High Price of Hi-Tech

ALL ABOUT ME 109 FEB 2018 Final

Leggings aren’t pants, but it seems no one is taking my fashion advice. Everywhere I look I see hi-tech bright colored leggings and they aren’t just walking into yoga studios. They’re in the grocery store paired with a multi-textured jacket or a loopy backed tank. Everyone looks fit, and if they aren’t doing the work to be fit, they sure look as if they’re trying.

Athleisure isn’t just a fashion trend, it’s a healthy lifestyle, and some clothing companies are basing their entire business on it. Check out any brand selling the stuff and you’ll see models doing yoga, walking thru a farmer’s market and eating fresh organic food. The fashion may have originated from people becoming more health conscious, but the lifestyle is definitely a part of a growing trend, and this is where it gets ugly.

For being associated with a healthy lifestyle, hi-tech fabrics used to make this fashion are some of the unhealthiest for our planet.

The Sporty Bra_Black Lace_Lifestyle_Small 3.jpgI’ve been an athlete since I was eight. My mom threw us all on the local swim team and working out twice daily was routine for me. The swimming could be brutal but the swimsuits were worse.

Lycra (the brand name for a stretchy fiber made by Dupont CHEMICAL Company…yes…a chemical company) was just hitting the swimsuit industry in the 70s baring little resemblance to the sleek suits of today. The Lycra added stretch but a lot of the suits still had wool in them making them heavy and causing them to stay wet for what felt like weeks. Putting on my damp, heavy, cold swimsuit for practice was one of the not-so-fond memories of my young athletic days.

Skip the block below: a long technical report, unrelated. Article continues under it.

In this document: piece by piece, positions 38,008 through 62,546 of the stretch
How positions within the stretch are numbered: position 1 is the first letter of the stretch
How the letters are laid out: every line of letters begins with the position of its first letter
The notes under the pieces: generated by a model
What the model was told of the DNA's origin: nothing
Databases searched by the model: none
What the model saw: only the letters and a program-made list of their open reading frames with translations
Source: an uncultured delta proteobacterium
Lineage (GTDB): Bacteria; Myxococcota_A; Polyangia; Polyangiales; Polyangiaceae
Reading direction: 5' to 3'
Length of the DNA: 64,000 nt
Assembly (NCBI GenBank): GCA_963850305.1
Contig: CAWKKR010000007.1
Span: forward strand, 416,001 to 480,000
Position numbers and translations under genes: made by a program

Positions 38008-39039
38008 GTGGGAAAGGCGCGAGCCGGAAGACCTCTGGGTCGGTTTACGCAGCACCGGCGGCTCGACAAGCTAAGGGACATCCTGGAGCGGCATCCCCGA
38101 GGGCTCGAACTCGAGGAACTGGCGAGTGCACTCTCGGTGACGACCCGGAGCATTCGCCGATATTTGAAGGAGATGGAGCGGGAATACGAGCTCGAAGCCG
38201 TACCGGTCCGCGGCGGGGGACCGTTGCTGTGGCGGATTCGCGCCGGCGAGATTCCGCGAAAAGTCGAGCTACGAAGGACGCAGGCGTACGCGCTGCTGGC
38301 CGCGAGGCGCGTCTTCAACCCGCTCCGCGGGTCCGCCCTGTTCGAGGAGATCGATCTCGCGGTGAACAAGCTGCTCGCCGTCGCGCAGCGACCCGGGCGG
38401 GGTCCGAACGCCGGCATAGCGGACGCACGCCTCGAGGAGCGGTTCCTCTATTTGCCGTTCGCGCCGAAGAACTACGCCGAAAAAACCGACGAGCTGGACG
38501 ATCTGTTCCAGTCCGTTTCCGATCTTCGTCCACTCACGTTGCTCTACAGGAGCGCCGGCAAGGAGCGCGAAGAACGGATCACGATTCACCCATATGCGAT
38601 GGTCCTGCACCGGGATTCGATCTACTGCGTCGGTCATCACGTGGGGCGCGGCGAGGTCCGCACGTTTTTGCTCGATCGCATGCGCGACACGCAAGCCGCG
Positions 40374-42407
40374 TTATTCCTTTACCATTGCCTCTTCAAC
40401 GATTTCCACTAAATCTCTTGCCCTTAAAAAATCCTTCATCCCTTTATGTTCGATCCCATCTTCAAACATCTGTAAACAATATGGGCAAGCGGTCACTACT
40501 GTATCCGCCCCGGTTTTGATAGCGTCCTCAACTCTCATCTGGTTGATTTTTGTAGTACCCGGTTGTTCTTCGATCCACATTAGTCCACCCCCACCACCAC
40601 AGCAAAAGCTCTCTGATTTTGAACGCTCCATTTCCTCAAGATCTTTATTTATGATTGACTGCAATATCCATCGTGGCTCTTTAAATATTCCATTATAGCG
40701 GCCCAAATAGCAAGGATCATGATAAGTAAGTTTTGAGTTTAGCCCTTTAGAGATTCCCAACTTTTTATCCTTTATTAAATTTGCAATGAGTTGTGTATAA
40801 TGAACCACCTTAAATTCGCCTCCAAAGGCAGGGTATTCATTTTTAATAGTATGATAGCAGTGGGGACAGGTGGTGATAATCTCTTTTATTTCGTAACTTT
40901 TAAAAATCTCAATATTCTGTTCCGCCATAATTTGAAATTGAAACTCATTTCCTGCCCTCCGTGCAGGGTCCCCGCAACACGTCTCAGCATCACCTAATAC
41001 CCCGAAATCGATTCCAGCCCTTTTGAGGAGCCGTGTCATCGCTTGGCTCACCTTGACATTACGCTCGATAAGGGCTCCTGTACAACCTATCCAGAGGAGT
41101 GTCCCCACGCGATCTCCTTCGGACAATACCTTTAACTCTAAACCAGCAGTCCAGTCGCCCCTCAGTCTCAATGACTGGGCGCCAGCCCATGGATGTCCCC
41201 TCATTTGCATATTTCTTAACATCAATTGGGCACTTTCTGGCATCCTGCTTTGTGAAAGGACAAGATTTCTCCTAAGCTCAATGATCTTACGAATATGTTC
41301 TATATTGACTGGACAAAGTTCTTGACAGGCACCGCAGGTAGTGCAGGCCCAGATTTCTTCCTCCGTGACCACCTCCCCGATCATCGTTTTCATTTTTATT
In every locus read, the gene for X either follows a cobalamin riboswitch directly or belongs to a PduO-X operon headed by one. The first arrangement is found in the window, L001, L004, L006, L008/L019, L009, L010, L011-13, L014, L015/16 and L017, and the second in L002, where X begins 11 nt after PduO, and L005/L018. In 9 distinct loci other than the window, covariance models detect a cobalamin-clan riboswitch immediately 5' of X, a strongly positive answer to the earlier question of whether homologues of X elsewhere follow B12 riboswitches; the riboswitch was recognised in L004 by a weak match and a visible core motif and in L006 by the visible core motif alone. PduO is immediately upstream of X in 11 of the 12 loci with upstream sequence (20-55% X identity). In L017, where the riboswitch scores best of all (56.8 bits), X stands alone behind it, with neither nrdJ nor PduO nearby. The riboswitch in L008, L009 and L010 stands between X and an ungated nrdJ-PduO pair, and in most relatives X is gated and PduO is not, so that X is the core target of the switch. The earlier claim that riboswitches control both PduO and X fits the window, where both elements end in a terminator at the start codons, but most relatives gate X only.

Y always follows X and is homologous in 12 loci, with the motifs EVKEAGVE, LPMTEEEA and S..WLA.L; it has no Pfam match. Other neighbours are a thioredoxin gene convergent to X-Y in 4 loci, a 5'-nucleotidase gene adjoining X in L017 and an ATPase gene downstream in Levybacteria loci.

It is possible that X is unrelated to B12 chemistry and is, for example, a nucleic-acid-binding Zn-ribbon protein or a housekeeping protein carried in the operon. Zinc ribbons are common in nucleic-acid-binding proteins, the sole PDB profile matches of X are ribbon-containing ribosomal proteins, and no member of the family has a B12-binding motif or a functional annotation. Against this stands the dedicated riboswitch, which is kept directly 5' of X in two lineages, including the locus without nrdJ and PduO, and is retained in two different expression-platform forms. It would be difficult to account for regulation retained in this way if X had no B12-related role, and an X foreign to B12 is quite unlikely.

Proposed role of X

Swimwear, along with all workout wear, has come a long way. Manufacturers of hi-performance Athleisure are using fast drying, wicking fabrics that are lighter and designed with microfiber fabrics that compress our bodies into tighter shapes making these clothes even more attractive to a larger demographic (literally)! After working out my entire life I have to admit that I own some of this stuff, but now that I’ve discovered athletic fabrics are having the biggest negative impact on our planet, I want nothing to do with these hi-tech clothes.

These big Athleisure companies are manufacturing their fabrics to be lighter, sleeker and ultimately more damaging to our oceans. They’re using fabrics made from hi-tech yarns that all contain tiny plastic microfibers that shed with every wash. A recent study conducted last year around the Florida Keys found that 89% of the water samples collected there contained at least one piece of these plastic microfibers that came from our clothing. (Read more here.)

No one, including me, wants to wear those wool suits of yesteryear or workout clothes that never dry, but there are better, less impactful options out there and there’s something we can all do!

Do Your Homework

Learn about where your clothes are made and the fabrics used to make them.

Some of the biggest athletic manufacturers (you know who they are) are creating fabrics that are heavy with chemicals so they can be sweat resistant, stink resistant, stain resistant and other resistant.